A compact, reliable longer bloomer starting lime-green then
flushing to deep cerise pink
Early blooming, flattened white flowers w/ a pink blush, flower
color continually changes
Pure white, full mophead that blooms earlier & longer, repeat
H. paniculata - Panicle
‘Fire and Ice’
‘Grandiflora’ or ‘Pee
‘Little Lamb’
‘Little Lime’
‘Pink Diamond’
‘Pinky Winky’
‘Quick Fire’
‘Snow Mountain’
‘Sweet Summer’
‘Vanilla Strawberry’
H. quercifolia - Oakleaf
‘Snow Queen’
Japanese Hydrangea
blooms after deadheading, sun scorch resistant, powdery mildew
resistant, tight, compact growth
Bright green foliage w/ pure white margins. Flowers are a lace-cap
type w/ white to light pink outer sepals and darker pink interior
flowers. Stubborn to bloom, needs phosphorus.
A spectacular improved & dwarf form of ‘Pee Gee’ with a tight,
strongly branched habit bursting with creamy-white to soft pink, full
clustered blooms from early summer to fall
Beginning in July with dense, cream blooms, maturing to pink then
burgundy by fall
Most common tree form w/ dense, cream conical flowers giving a
weeping appearance. Tree form can grow to 15’ tall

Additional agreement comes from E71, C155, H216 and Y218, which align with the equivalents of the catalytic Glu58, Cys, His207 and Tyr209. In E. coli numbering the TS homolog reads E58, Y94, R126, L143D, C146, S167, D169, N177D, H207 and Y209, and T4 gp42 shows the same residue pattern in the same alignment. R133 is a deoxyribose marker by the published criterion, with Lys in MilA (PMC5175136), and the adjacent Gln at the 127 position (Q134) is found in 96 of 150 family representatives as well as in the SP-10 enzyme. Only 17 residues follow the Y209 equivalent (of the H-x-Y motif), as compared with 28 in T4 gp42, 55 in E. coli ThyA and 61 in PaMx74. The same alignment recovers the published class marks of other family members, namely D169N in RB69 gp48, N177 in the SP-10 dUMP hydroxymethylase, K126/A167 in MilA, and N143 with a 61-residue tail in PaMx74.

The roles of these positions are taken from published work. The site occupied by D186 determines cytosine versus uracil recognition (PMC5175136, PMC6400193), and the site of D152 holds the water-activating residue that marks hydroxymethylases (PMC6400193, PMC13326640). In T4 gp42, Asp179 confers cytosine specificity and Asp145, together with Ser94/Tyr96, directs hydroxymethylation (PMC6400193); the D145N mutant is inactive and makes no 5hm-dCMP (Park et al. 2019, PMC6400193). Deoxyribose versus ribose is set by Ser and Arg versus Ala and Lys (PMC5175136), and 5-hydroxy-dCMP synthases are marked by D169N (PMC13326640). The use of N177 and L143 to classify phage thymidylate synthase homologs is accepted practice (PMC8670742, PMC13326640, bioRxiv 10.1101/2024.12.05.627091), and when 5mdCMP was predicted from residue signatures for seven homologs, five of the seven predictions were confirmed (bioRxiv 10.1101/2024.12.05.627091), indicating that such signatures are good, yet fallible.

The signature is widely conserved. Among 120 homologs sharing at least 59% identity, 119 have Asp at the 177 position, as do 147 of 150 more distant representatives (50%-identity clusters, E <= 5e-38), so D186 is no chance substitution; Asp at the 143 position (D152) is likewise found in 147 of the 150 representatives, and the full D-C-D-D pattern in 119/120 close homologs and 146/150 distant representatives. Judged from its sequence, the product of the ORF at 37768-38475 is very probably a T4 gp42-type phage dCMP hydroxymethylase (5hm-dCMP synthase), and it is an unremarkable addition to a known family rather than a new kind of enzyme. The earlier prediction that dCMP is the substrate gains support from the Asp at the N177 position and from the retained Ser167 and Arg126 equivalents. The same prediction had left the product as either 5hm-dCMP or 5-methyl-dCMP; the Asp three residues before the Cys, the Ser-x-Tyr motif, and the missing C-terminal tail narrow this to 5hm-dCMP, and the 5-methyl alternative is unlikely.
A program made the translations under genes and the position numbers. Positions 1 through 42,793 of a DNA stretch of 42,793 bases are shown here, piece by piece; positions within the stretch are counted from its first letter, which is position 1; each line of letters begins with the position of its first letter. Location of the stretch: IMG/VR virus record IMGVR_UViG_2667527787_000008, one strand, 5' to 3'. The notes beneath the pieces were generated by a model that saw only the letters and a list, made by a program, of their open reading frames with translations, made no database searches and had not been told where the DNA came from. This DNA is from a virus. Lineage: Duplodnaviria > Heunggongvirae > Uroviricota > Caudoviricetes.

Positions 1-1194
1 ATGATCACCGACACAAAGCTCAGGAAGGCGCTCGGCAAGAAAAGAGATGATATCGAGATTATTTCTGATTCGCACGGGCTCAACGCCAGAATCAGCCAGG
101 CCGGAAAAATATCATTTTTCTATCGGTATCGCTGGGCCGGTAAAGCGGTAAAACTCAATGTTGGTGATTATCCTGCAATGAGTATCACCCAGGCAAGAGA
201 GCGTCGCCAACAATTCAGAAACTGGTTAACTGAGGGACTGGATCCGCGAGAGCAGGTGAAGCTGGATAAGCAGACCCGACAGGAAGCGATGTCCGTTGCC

Giant plumes of lacey, fragrant, white to blush blooms with super
strong, upright stems
Light, lime green, conical flowers w/ bright green foliage, use as a
specimen or backdrop.
Most floriferous of the panicle types, great late bloomer with
compact, dense habit.
Petite version of ‘Limelight’, same soft lime blooms, same easy care
, same performance
Huge blossoms, bigger than any of the other H. paniculata types,
non-fading, creamy-white starting mid-summer. Cut back hard to
12” in March to keep compact
Another variety used in tree forms, starting white, deepening to rose
flowers quickly
12-16”long blooms are bi-color pink and white mid-summer through
fall, good cut flower
Earliest blooming panicle hydrangea, starts in June along with mophead types, but continues late into the summer turning from white to
deep rose
Tree form, ‘Kyushu’ improved, showy, white panicle blooms on a
strong, vase shape
Covered in full, dense blooms starting lime, cream then pink on
strong stems, great in pots
Large, full conical blossoms start cream, then strawberry red to
burgundy & repeat
Creamy, conical blooms, with excellent, leathery foliage texture and
rich crimson to burgundy fall color. Protect for winter.
Deeper green, heart shaped, leathery foliage, with lacecap flowers,
very similar to the true Climbing Hydrangea, but seems to develop
blooms faster, and is slightly more vigorous. Prune as needed in
early spring. Will cling to any structure, wall, fence, tree or trellis
*Availability of Hydrangea are subject to change and varieties may vary by location.